• 709 Penn Gallery: “We ART Here,” showcasing work by self-identified artists with disabilities.
• August Wilson Center for African American Culture, Gallery II: “I Wish I Knew How It Felt to Be Free,” featuring pop-infused contemporary work inspired by Japanese anime.
• 937 Liberty Ave: “The New American Garden,” a photography show focusing on residential, civic and commercial gardening projects.
(various Downtown sites; 412/456-6666, trustarts.org/traf)
IMAGE COURTESY HUNT INSTITUTE FOR BOTANICAL DOCUMENTATION
Through June 30/ Speaking of dandelions again: The absolute best drawing of the pesky plant I’ve ever seen is at “Great Expectations,” a show examining “the promise and energy held within a bud or a seed and phases of this continuous cycle of plant development.” The exquisitely detailed and composed pencil-on-paper paean by Keith Robert West makes labeling said plant as weed a sacrilege. Thirty-six artists — historical and contemporary — have been chosen for the show, each capturing a point of view regarding plant development. (Hunt Institute for Botanical Documentation, Carnegie Mellon University, 4909 Frew St., Oakland; 412/268-2434, huntbotanical.org)
photo by eric rosé
By Karen Dacko
June 3/ Dance programming at the Dollar Bank Three Rivers Arts Festival (June 3-12) includes performances by Maria Caruso’s Bodiography Contemporary Ballet Company and Reed Dance II, directed by Greer Reed. Caruso premieres “Change,” which examines the real-life transitions of four dancers. It explores the apprehension and elation change generates and the impact change has on thoughts, emotions and the physical-self. Reed offers Mils “M.J.” James’ “Let My People Go,” a collage of movement, poetry and theatre centering on African-American history. (Trust Arts Education Center, Peirce Studio, 805 Liberty Ave., Downtown; 3riversartsfest.org)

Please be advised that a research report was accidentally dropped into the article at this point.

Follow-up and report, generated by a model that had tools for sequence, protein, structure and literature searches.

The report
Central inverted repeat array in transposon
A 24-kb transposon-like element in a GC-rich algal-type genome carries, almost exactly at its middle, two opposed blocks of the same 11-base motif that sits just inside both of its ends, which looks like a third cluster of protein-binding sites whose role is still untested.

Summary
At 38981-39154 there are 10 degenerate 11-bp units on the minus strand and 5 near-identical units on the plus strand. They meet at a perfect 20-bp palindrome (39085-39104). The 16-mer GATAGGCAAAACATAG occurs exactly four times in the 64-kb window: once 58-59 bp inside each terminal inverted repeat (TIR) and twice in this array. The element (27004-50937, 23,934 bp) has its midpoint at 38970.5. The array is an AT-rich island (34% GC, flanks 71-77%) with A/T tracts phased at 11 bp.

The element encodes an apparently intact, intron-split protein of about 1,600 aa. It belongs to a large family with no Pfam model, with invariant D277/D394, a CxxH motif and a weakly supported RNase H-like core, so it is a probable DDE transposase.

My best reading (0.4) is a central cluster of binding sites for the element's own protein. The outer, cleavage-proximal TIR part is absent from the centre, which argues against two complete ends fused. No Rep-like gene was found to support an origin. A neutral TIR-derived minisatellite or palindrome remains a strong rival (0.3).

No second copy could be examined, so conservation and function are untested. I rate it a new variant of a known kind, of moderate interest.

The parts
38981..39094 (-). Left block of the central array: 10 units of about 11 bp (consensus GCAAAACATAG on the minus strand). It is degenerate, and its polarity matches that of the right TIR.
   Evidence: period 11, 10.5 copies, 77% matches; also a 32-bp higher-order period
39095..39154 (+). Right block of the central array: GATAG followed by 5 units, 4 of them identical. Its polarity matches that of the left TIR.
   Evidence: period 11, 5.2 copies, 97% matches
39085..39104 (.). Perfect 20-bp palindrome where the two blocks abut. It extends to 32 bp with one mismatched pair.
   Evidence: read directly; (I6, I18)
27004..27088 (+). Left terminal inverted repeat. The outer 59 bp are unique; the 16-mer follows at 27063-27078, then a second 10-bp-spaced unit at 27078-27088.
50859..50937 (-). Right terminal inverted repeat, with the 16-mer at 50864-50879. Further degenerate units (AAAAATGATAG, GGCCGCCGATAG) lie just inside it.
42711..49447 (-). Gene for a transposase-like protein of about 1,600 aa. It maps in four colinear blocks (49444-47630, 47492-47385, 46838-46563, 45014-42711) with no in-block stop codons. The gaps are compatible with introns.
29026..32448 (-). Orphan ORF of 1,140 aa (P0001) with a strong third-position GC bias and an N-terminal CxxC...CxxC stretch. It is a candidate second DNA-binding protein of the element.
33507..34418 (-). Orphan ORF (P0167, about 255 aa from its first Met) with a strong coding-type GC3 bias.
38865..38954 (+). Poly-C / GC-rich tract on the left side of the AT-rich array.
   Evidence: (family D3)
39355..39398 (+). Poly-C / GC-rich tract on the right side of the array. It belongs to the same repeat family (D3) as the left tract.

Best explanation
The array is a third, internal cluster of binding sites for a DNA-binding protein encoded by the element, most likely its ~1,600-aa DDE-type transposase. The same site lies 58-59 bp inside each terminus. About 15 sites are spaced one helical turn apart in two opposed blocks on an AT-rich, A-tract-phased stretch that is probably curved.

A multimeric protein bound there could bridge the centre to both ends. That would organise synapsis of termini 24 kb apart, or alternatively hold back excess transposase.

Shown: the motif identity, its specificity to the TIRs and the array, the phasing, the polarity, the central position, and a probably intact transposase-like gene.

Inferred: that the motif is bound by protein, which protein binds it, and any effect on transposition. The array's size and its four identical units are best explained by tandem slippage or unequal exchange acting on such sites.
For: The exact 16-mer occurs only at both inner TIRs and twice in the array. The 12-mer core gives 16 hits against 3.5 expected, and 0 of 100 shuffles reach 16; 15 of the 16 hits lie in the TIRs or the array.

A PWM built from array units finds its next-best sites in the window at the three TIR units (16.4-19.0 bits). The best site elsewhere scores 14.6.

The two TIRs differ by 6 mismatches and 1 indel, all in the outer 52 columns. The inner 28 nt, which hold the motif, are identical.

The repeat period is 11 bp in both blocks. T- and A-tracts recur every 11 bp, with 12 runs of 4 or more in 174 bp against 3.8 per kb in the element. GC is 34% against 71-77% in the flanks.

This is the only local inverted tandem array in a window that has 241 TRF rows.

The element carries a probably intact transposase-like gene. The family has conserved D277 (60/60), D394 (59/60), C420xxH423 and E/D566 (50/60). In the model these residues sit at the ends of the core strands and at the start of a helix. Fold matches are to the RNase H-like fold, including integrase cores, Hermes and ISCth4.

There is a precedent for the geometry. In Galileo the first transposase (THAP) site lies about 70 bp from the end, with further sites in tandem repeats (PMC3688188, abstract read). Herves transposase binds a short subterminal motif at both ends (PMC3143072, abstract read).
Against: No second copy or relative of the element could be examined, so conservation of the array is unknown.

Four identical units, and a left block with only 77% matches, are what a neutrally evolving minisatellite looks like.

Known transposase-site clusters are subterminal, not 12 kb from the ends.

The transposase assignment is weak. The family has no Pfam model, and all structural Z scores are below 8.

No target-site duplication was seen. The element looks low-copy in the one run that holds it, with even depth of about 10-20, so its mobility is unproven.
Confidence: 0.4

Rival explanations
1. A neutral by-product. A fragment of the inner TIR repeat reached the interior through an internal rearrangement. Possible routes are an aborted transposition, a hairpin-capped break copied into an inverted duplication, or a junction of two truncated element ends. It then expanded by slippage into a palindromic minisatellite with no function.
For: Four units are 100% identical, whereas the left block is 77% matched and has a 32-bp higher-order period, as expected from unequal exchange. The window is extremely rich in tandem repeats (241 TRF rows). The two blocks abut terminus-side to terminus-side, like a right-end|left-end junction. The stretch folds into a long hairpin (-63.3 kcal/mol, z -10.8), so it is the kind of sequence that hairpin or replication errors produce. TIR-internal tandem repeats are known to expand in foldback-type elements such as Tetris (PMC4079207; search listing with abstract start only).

photo by renee rosensteel
June 9/ CSA Performance Series presents local independent artists Anna Thompson and Taylor Knight, known collectively as the movement/music duo slowdanger. On tap is memory 4, which propels the performers through an environment of movement, sound and atmospheric elements as it examines the concept, “I am what I remember … what I remember, is what I am” and expands on how memory is defined and redefined with the passing of time. (New Hazlett Theater, 6 Allegheny Square East, North Side; 412/320-4610, newhazletttheater.org)
June 3/ The Pillow Project director Pearlann Porter launches Thought Pockets, a free, site-specific performance and installation series structured to correspond with the
rhythm of workday pedestrian traffic. The premiere features movement, music and chalkings rendered by the newly formed duo The Ellipses Condition (Porter and poet/musician John Lambert) and local artists. (Strawberry Way at Grant Street, Downtown; ellipsescondition.com)
June 4/ Students from the Bodiography Center for Movement, directed by Maria Caruso, offer a spring concert of classical and contemporary works choreographed by faculty and members of the Bodiography Contemporary Ballet Company. (Byham Theater, 101 Sixth St., Downtown; 412/456-6666, trustarts.org)